Douglas Stuart’s novel “Shuggie Bain,” which traces the life of a boy with an alcoholic mother, is a queer coming-of-age story, an intimate study of familial bonds, and, in the author’s words, a “love story to Glasgow,” the city where he grew up. “Shuggie Bain” is one of three débuts on the longlist for this year’s National Book Award for Fiction. “The Secret Lives of Church Ladies,” a story collection by Deesha Philyaw, narrates experiences of Black women across regions and generations, mapping desire and friendship within the confines of religious communities. “A Burning,” Megha Majumdar’s novel set in present-day India, begins with a terrorist attack at a train station and unfurls into a complex story of poverty, corruption, and injustice.
Other contenders include Brit Bennett’s “The Vanishing Half,” which follows a pair of twins, both racially ambiguous Black women, whose lives diverge when one chooses to pass as white; Charles Yu’s “Interior Chinatown,” a satirical novel that skewers Hollywood’s hackneyed depictions of Asians; and Rumaan Alam’s “Leave the World Behind,” about two families, one Black and one white, who find themselves stranded in a rental vacation home when a blackout shuts down New York City. Lydia Millet is the only nominee whose work has been previously long-listed for the award. The full list is below.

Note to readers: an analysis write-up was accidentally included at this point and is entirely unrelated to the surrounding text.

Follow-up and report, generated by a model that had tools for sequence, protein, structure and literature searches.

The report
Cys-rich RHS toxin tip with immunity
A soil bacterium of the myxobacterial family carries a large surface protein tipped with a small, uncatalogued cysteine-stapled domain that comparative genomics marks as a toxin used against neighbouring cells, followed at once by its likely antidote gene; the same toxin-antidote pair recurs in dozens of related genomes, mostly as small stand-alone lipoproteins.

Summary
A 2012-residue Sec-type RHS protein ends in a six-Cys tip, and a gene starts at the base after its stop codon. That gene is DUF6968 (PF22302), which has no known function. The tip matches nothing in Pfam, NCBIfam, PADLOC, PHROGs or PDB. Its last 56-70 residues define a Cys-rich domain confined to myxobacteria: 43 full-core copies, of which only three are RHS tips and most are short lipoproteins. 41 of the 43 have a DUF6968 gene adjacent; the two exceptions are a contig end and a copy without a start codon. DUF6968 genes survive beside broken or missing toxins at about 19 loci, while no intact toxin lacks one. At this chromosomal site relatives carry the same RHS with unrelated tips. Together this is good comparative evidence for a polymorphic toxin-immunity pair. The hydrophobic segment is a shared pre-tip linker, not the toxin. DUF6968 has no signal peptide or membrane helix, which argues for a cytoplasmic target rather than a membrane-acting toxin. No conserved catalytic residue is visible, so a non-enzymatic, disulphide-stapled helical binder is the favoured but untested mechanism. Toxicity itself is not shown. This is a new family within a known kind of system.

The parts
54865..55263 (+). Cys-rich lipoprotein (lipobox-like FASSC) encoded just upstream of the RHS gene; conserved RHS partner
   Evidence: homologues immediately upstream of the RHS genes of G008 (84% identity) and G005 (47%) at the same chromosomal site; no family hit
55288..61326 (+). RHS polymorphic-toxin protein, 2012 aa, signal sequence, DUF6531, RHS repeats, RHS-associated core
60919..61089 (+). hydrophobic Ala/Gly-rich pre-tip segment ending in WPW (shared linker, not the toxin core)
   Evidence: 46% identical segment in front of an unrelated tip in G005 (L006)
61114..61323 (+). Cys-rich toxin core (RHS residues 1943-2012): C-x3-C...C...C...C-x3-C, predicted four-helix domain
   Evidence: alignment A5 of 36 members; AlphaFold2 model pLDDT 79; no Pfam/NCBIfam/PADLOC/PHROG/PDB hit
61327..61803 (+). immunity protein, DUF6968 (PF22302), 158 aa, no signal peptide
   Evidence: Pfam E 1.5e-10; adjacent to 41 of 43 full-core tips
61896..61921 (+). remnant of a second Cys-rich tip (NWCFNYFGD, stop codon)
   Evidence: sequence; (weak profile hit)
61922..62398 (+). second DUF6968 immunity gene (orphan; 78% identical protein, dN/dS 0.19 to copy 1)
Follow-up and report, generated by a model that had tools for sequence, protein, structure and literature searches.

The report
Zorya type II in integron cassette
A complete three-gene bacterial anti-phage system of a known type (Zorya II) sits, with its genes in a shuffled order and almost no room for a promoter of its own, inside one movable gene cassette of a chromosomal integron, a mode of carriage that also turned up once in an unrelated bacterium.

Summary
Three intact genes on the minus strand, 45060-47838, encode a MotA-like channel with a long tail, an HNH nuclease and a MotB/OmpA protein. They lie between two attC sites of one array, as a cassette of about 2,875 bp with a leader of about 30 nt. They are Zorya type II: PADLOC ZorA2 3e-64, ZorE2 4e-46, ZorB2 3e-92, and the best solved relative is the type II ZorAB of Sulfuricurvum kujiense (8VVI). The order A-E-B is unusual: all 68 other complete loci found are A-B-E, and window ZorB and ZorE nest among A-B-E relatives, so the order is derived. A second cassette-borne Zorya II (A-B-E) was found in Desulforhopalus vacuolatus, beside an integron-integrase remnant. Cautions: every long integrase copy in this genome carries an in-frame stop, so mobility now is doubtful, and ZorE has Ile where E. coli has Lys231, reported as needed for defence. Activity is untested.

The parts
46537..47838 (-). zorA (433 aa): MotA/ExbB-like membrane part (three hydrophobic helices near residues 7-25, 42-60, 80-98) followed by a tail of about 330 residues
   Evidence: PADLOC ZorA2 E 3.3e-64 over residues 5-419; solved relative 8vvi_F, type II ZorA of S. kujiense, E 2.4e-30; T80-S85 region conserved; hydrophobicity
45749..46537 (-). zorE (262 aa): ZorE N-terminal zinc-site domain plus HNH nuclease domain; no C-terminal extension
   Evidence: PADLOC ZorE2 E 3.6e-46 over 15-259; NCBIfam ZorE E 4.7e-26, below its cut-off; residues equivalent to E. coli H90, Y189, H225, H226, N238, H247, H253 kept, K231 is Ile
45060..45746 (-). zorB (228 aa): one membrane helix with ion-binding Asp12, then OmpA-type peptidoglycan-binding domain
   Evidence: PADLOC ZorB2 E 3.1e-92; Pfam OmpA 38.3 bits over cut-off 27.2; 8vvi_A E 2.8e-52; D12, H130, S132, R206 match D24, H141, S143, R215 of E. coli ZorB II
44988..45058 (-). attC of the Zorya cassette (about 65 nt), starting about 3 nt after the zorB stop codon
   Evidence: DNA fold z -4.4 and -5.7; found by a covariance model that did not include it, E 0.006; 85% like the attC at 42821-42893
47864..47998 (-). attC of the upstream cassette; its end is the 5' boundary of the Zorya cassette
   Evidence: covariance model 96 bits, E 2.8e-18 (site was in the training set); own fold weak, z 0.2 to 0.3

The judges for the category this year are Cristina Henríquez, the author of “ The Book of Unknown Americans”; Keaton Patterson, of Brazos Bookstore, in Houston; Laird Hunt, the author of “ Zorrie,” who teaches at Brown University; Rebecca Makkai, whose novel “ The Great Believers” was a finalist for the 2018 National Book Award and the Pulitzer Prize; and Roxane Gay, the author of “ Bad Feminist” and “ Hunger.”
Originally published at https://www.newyorker.com.